In my experience, there’s one important question that continually preys on the minds of CEOs, regardless of their organisation or sector: Are things about to get better or worse?
It is always hard to predict the future since a single event in a single industry or country can be enough to trigger wider upheaval. Just consider the environment we’re operating in today. Nevertheless, I believe that our 20th CEO survey, launched on the slopes of Davos a few weeks ago, offers some telling insights. Today 59% of CEOs think that governments will become more protectionist, up from 46% in 2009. Furthermore, less than a third (29%) anticipate that global economic growth will improve in the short term.
Understandably, the confidence levels of CEOs tend to vary by sector. So while the past few years have been tough for miners due to the slowdown in China, 50% of mining CEOs feel optimistic about the economy in the short term. That’s because uncertainty has boosted investor demand for gold while the election of President Donald Trump should lead to increased expenditure on large-scale infrastructure projects in the US.
A third (37%) of automotive CEOs are also positive, encouraged by high North American sales in recent years, important technological advances such as electric and driverless cars, and the future potential to sell more vehicles in Europe, Asia, the Middle East and Africa.
On the other hand, around a quarter of CEOs working in consumer goods, transport and logistics and insurance take a more pessimistic view of the world economy. Trade restrictions will make life harder for the two former groups, while insurers continue to wrestle with intense price competition, low investment yields and a heavy regulatory burden.
CEOs must have grown used to uncertainty since they have become more optimistic about their own organisation’s growth prospects over time. In 1997, the year of our first survey, just a third of participants felt very confident about their company’s three-year revenue outlook. This year, by contrast, 51% of CEOs are very positive about the next three years while 38% feel the same about their company’s prospects of 12-month revenue growth.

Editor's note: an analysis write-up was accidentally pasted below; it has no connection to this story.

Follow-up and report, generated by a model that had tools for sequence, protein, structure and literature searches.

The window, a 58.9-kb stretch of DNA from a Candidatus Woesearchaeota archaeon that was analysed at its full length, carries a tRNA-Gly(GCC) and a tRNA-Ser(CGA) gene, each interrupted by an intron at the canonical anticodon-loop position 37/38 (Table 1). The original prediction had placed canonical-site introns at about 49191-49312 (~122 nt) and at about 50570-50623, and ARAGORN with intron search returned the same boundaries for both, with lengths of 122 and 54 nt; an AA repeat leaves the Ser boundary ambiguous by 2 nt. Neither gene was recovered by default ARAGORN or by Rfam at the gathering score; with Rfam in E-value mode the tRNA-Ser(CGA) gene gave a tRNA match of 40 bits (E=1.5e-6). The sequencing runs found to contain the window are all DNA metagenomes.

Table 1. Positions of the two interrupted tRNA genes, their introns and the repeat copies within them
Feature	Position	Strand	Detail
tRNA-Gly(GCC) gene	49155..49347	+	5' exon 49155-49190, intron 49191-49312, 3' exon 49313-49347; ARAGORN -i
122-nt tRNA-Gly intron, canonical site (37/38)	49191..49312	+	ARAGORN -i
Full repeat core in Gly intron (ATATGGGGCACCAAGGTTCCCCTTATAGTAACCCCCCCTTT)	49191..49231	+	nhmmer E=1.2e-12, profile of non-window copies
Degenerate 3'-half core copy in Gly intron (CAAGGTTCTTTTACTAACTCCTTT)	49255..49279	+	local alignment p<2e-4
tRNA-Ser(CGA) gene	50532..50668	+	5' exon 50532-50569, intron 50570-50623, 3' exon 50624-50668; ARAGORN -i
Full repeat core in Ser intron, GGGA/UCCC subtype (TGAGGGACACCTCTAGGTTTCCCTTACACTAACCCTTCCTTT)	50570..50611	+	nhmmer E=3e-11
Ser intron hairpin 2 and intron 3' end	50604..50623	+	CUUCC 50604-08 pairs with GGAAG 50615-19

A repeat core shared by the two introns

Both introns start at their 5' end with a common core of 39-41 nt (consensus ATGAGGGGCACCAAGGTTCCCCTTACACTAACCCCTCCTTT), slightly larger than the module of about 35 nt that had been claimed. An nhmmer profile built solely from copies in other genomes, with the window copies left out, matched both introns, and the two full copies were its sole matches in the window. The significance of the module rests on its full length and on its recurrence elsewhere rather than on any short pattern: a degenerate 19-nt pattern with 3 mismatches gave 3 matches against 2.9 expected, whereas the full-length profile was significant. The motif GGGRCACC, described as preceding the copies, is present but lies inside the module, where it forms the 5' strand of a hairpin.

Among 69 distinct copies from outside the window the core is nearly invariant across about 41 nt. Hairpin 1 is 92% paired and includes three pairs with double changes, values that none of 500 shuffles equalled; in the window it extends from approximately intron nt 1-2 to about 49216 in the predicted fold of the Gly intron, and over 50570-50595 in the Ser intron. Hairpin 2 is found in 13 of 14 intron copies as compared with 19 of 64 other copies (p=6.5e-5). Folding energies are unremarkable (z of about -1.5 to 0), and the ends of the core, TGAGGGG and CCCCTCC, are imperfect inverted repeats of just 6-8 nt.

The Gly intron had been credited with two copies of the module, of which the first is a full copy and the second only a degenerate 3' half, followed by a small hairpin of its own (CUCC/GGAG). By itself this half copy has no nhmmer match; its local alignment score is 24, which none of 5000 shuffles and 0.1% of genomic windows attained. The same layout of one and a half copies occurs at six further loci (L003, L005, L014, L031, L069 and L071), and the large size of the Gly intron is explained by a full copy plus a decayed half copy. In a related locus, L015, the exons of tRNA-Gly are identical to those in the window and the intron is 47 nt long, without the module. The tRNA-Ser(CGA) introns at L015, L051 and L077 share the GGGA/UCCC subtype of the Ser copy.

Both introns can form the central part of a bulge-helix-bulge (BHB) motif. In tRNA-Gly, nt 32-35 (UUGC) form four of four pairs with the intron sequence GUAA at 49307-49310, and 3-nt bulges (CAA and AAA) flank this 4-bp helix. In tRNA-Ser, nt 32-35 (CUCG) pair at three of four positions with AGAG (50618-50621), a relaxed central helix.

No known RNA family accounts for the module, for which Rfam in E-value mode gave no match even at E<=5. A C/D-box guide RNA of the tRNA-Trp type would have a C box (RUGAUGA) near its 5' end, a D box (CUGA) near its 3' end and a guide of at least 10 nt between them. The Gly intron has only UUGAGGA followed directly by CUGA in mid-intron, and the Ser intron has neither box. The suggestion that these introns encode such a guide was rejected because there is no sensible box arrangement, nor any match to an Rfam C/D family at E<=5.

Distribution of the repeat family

It strikes me that CEOs’ optimism is linked to their investment in innovation and digital capabilities and their willingness to seek out the right partners for these projects. Globally, nearly half (48%) of CEOs are turning to strategic alliances or joint ventures to drive growth and profitability. Meanwhile, more than a quarter (28%) of CEOs are looking at collaborating with entrepreneurs or start-ups instead of, or as well as, forming an alliance. A keenness to work with disruptors is particularly evident in sectors that are at the forefront of the digital transformation, such as technology, media and telecommunications and financial services.
Over the long term, the twin forces of technology and globalisation will continue to change the world, putting CEOs under pressure to ensure that the benefits of progress are more equitably distributed. Furthermore, in an age of people power, suspicion of apparently ‘faceless’ multinationals is likely to become even more widespread.
So as CEOs adapt to an environment that is radically different from the one their predecessors knew, they must confront new challenges. How can their organisation harness the power of purpose to compete in a diverging world? What’s the best way to manage both man and machine? How can organisations gain from connectivity without losing trust? What’s the CEO’s role in making globalisation work for all?
These are the kinds of questions we’ll be answering in a series of industry deep-dives from our 20th CEO Survey starting with the financial services, energy and government and public services sectors. Stay tuned for more industry views over the coming weeks.
Robert Swaak is Vice Chairman, Clients and Markets. In this role he oversees PwC's global markets through regions and industries. Read more